Wye Oak plays Toronto this Saturday at the El Mocambo; Geoff Berner has a series of Canadian dates starting on Monday in Peterborough, and comes to the Tranzac in Toronto a week today.
Wye Oak – Civilian (Merge)
Wye Oak don’t sound like a rock band, certainly not a rock band from a city like Baltimore. They sound like a force of nature: a rushing river, a towering mountain range, an expansive Montana plain. Not that they sound natural: there’s nothing acoustic about Civilian, their third album, which is full of raging electric guitars and distorted sounds. But the way this duo conjure the elements at their disposal is magical, the way a sonic gust suddenly slaps you like a galeforce wind, the way Andy Stack’s drums gallop and lurch, following the push and pull of Jenn Wasner’s guitars, the way Wasner’s calm and understated vocals anchor everything like the eye of a hurricane.
It’s a massive sound for a duo—Stack juggles keyboards while drumming—but imagining the challenge of reproducing this live shouldn’t distract you from this incredibly vivid recording. Themes of regret and loss dominate—the opening lyric is “Two small deaths happened today”—but Civilian is powerful and uplifting, despite being a bit a downer on the surface.
It’s not easy to get to know—in fact, I’ll go so far as to say I hated this album the first few times I heard it—but as it slowly draws you in, its layers and beauty reveal themselves easily. Their lineage is obvious—Neil Young and Crazy Horse, Dinosaur Jr., Yo La Tengo—but they take the best of all those acts and reinvent them for a new decade. With each album, Wye Oak has improved exponentially, and Civilian is no exception. It’s their first full-blown classic, and likely the first of many.
Download: "Civilian," "Plains," "Holy Holy"
Geoff Berner – Victory Party (Mint)
Geoff Berner calls himself the “avenging angel of klezmer,” on a mission to rescue the music from being a museum presentation of Yiddish culture by injecting it with new songs that celebrate the more transgressive, political past of its Eastern European roots. But in order to do that, a captivating live show was never enough: Berner needed a great album to help fulfill his mission. Finally, with the aptly named Victory Party, that’s what he now has.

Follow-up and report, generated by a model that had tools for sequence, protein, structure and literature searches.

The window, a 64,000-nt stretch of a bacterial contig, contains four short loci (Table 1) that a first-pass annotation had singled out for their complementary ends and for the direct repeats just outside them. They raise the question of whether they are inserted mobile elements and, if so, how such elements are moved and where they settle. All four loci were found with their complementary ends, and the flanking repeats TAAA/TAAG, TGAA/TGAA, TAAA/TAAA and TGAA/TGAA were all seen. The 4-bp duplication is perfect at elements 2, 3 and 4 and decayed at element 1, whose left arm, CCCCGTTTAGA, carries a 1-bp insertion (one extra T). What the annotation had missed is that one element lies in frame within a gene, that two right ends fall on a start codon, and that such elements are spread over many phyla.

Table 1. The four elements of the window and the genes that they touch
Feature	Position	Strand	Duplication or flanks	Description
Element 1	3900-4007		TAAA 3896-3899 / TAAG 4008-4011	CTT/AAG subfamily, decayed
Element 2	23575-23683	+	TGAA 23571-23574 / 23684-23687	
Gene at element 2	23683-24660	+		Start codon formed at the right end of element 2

Previous recordings were functional snapshots of his live show, but here he’s turned the reins of production over to Josh Dolgin, aka Socalled, a master musician with his own unusual ideas of reimagining klezmer culture. Dolgin called in two hot-shot young New York City musicians to augment Berner’s band (which now includes not one, but two killer violinists), stripped most of Berner’s accordion out of the mix, and added various textures that bring these songs—which also comprise his strongest set in years—to vivid life.
But even if this is the slickest sounding Berner album to date, it’s still plenty raw and rude. He howls his way through the title track, turns over lead vocals to violinist Diona Davies on the silly subversion of Jail, and sets tales of RCMP brutality to an early 20th-century a Russian folk song called "Daloy Polizei"—which translates literally as “f—k the police” (as Berner points out in the song). He revisits his punk roots for the self-explanatory hipster takedown "I Kind Of Hate Songs With Ambiguous Lyrics," and pulls off a poignant Yiddish-Chinese sweatshop lament with surprising beauty.
On top of all that, it’s all wrapped up in a gorgeous package by the Montreal design team Tin Can Forest—this is not an album you should download, because the physical package is more than worth it.
Download: "Wealthy Poet," "Daloy Polizei," "Rabbi Berner Finally Reveals His True Religious Agenda"